Apple Begins $450 Million Payout to Those Affected by eBook Conspiracy

Apple Begins $450 Million Payout to Those Affected by eBook Conspiracy
Text Size
- +

Toggle Dark Mode

Back in 2012, the United States filed an antitrust lawsuit against Apple and five of the nation’s largest publishing companies, alleging that Apple conspired with the publishing companies to fix the prices of e-books. After years of denied appeals, the Supreme Court has put Apple on the hook for some $450 million, and payouts to customers are beginning today.

According to a press release issued today by law firm Hagens Berman, millions of customers who purchased specific e-books from Amazon, Kobo, Barnes & Noble, and Apple between April 1, 2010 and May 21, 2012 will begin receiving payments directly into their iTunes account or via check depending on how each customer had previously replied to a survey. Qualifying e-books must have been published by Simon & Schuster, HarperCollins, Hachette Book Group, Macmillan, or Penguin Group.

Apple will reportedly pay out $400 million to customers – $6.93 for every qualifying e-book purchased that was on the New York Times bestseller list, and $1.57 for those that were not. The remaining $50 million will be paid to states and towards legal fees.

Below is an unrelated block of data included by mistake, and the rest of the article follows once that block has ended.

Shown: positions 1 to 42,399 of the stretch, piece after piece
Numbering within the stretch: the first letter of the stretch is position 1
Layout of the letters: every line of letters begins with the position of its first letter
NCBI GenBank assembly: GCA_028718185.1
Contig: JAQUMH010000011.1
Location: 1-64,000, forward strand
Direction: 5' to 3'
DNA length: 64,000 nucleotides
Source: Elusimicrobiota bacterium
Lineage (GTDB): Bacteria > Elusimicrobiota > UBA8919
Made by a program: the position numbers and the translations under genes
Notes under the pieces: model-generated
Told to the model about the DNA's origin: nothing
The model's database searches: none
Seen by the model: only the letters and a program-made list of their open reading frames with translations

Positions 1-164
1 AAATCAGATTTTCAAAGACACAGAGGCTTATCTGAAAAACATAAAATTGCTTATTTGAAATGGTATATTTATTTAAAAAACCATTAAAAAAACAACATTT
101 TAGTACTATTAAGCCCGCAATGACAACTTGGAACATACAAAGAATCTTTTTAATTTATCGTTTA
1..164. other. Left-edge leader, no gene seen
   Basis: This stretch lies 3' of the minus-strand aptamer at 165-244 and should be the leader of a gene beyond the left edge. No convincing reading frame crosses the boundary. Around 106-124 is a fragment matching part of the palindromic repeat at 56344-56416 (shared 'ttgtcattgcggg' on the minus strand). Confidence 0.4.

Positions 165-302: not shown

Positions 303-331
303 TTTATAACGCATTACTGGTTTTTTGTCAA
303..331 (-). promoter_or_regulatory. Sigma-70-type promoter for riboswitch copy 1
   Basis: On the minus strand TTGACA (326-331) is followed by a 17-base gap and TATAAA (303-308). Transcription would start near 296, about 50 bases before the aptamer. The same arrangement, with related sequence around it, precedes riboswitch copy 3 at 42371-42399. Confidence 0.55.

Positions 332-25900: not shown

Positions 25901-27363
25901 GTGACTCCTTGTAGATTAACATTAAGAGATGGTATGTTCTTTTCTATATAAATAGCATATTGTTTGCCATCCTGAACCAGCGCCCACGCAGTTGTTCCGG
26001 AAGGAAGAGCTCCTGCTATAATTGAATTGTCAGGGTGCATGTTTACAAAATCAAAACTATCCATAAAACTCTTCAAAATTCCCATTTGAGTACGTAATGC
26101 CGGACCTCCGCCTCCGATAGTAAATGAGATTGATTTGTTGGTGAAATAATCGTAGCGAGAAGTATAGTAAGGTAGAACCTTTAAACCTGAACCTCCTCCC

The original lawsuit, filed in April of 2012, alleged that Apple, according to Hagens Bergman, conspired with the publishers to “manipulate the e-book market by artificially raising the price of e-books, lowering competition and charging consumers higher prices.”

The government had an issue with the so-called “agency model”, which gave the publishers as opposed to the vendors control over the pricing of the e-books. Apple agreed to uphold the agency model with publishers so long as they paid out a 30% cut to Apple, and agreed to offer their lowest prices through the company. Simon & Schuster, HarperCollins, and Hachette Book Group settled their suits immediately, while Apple, Penguin Group, and Macmillan fought the charges.

Penguin Group and Macmillan eventually settled, and after appeals in 2014 and 2015, the Supreme Court denied a third appeal, ruling that Apple must pay out.

Social Sharing